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Website Refresh, Part 1: How I Managed a Perfect Speed Score

2021 was the year I decided I was going to rebuild my aging website using every speed optimization and accessibility technique that I had learned since the last time I redesigned my website. In the past few years, I had a large focus on speed and user accessibility which was part of the driving force in doing the redesign, so at the beginning of my planning stages, I had a few goals in mind:

  1. My new website had to be the epitome of a fast website, I wanted to prove that a WordPress website could get perfect speed scores!
  2. My new website had to be fully accessible by following WCAG guidelines
  3. My new website had to be fun, not only did I want the website to be engaging to site visitors, but I also wanted it to be fun to build, I wanted to play around with modern browser features that I was unable to use in previous projects such as switching between dark and light modes.

Welcome to part 1 of my Website Refresh series, In this article, I’ll share some insights into how I got perfect speed scores on both GTMetrix and Google PageSpeed Insights (mobile and desktop).

The Proof

First things first, provide proof of a perfect speed score, I didn’t want to just write an article about how to obtain great load times, I also wanted to back it up with a proof of concept.

First up, GTmetrix results:

  • GTmetrix Grade: A
  • Performance: 100%
  • Structure: 100%
  • Largest Contentful Paint: 457ms
  • Total Blocking Time: 0ms
  • Cumulative Layout Shift: 0
GTmetrix speed score results
GTmetrix speed score results
GTmetrix Waterfall Chart
GTmetrix Waterfall Chart: Only 4 resources requested with a page weight of 36.2KB

There is one caveat with GTmetrix however, due to using the free Cloudflare service, I’m only able to get a perfect GTmetrix score in European countries, most likely because Europe accounts for most of my web traffic and Cloudflare is automatically adjusting speed preference to that area.

Next, Google PageSpeed Insights results:

Mobile Results

  • Score: 100
  • First Contentful Paint: 1.1 s
  • Speed Index: 1.6 s
  • Largest Contentful Paint: 1.1 s
  • Time to Interactive: 1.1 s
  • Total Blocking Time: 0 ms
  • Cumulative Layout Shift: 0

Desktop Results

  • Score: 100
  • First Contentful Paint: 0.3 s
  • Speed Index: 0.6 s
  • Largest Contentful Paint: 0.3 s
  • Time to Interactive: 0.4 s
  • Total Blocking Time: 20 ms
  • Cumulative Layout Shift: 0
Google PageSpeed Insights Mobile score
Google PageSpeed Insights Mobile score
Google PageSpeed Insights Desktop score
Google PageSpeed Insights Desktop score

Building the theme

Since I was updating my old site, I didn’t have to think too much about content, so the starting point for me was of course the theme, and in order for me to meet my goals, and get the exact look I wanted, I created my theme from the ground up, this would give me complete control over every aspect of the theme. I didn’t want to start completely from scratch, so I decided to build the theme using the BlankSlate starter theme By TidyThemes, this theme only had the basic, required files with no extras.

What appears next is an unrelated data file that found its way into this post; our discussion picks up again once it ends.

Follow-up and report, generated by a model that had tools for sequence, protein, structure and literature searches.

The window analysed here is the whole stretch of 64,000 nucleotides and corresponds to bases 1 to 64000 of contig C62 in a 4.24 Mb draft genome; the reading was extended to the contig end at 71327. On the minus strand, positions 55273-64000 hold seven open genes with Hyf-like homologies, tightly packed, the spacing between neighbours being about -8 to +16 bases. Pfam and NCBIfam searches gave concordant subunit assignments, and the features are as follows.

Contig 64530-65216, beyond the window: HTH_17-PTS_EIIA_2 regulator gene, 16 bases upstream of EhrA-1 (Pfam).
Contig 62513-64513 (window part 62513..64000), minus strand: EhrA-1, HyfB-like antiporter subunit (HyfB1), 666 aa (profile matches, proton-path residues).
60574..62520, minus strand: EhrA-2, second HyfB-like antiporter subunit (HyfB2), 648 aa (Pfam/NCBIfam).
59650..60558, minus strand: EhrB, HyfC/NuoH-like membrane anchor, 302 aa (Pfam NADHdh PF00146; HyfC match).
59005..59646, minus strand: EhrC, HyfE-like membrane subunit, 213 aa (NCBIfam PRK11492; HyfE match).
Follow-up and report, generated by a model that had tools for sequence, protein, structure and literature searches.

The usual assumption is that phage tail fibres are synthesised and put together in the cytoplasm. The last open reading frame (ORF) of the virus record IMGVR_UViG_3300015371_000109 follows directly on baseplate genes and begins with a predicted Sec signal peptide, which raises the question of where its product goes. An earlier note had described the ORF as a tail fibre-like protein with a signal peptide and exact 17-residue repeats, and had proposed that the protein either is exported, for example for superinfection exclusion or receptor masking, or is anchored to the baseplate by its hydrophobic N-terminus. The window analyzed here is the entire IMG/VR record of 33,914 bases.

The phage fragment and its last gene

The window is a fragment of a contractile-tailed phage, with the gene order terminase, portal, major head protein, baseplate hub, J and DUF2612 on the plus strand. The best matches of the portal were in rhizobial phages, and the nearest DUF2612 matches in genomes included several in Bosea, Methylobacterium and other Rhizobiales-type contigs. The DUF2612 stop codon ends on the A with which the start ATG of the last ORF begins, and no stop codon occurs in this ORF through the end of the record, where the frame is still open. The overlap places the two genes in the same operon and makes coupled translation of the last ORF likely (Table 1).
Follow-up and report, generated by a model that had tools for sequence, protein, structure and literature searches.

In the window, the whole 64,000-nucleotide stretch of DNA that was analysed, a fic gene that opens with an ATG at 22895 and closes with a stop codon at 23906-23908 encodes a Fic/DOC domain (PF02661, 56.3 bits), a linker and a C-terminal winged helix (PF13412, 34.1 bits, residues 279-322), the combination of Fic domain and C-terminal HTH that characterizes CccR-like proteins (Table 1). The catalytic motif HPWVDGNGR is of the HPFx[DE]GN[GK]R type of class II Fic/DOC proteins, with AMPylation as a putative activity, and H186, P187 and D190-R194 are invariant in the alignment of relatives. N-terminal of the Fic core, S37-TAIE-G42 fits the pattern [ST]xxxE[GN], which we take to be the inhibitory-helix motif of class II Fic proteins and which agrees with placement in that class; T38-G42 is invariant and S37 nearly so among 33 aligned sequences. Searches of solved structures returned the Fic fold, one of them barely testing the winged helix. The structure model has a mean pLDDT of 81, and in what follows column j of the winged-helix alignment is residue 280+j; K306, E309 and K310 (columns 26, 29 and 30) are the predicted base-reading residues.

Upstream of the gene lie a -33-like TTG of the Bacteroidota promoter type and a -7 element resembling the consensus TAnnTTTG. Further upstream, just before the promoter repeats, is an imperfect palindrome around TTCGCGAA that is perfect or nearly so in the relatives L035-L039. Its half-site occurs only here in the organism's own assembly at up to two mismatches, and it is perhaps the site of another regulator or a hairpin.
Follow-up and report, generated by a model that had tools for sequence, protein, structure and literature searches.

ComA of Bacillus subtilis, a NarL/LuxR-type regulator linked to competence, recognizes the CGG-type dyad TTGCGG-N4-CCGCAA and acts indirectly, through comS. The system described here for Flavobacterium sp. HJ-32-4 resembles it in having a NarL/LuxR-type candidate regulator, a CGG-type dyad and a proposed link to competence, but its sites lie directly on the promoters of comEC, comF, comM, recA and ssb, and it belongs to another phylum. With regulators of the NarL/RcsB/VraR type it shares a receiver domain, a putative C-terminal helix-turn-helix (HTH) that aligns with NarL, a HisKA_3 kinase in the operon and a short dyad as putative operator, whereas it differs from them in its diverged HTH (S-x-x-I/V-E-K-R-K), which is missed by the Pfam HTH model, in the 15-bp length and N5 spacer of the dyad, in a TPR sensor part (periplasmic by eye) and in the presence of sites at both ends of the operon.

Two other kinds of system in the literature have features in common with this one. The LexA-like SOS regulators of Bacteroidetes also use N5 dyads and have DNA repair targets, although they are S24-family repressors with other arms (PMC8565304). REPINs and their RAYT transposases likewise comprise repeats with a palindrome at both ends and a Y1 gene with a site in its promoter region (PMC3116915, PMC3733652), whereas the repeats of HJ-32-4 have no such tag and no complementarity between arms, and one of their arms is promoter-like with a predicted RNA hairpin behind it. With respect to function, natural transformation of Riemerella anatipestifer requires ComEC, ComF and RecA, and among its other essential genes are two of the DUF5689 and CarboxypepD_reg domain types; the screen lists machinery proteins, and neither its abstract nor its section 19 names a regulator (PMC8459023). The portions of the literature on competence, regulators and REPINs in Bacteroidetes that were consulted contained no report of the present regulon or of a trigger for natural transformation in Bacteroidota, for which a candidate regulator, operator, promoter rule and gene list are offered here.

When it comes to building with speed in mind, you want to keep things simple, start with the basics, and keep things as minnimal as possible, once that is done, you can then add onto it. Every time I added something new to my website, I would test it to see how it would affect my sites speed scores.

Outside of the CSS and the JavaScript which I’ll talk about individually, the only other thing I really did to the theme files in regards to speed, was to simplify the site structure to help reduce the number of nested tags and to make the site easier for me to develop. Simplifying the site structure helps make the site faster by making it a little easier for the browsers rendering process, the more nodes or HTML elements you have, the more it takes to render a site, so reducing the number of elements the browser has to read and put together will help speed the sites load time a little.

The CSS

Going into the development of my theme, I knew that I needed to keep the stylesheet as small as I could, I was only going to include exactly what was needed, nothing more. At this stage I decided to start with an empty stylesheet, I also decided that I was not going to include any CSS normalize or CSS Reset libraries, I felt that with IE11 finally going away on June 15th, 2022, we have come far enough along, that I was not going to be overly concerned if my sites line-height was a few pixels off from one browser to the next, after all, I’m a developer, not a designer, and honestly I probably wouldn’t even notice or care.

By excluding resets and normalize and by starting with an empty stylesheet and adding only what was needed, I was able to keep my stylesheet fairly light, currently, as of writing this article, the stylesheet was around 1200 lines and 70kb uncompressed, but after being minified and compressed, the file was only 22.5kb.

There are still some stylesheet improvements I would like to make, such as separating the home page styles from the secondary page styles to remove any unused CSS from the site load. I use WP Rocket which I will talk about further on in this article, but a future release is said to include a feature that removes unused CSS, so I’m excited to test that out as it would make the process of separating the stylesheets unnecessary.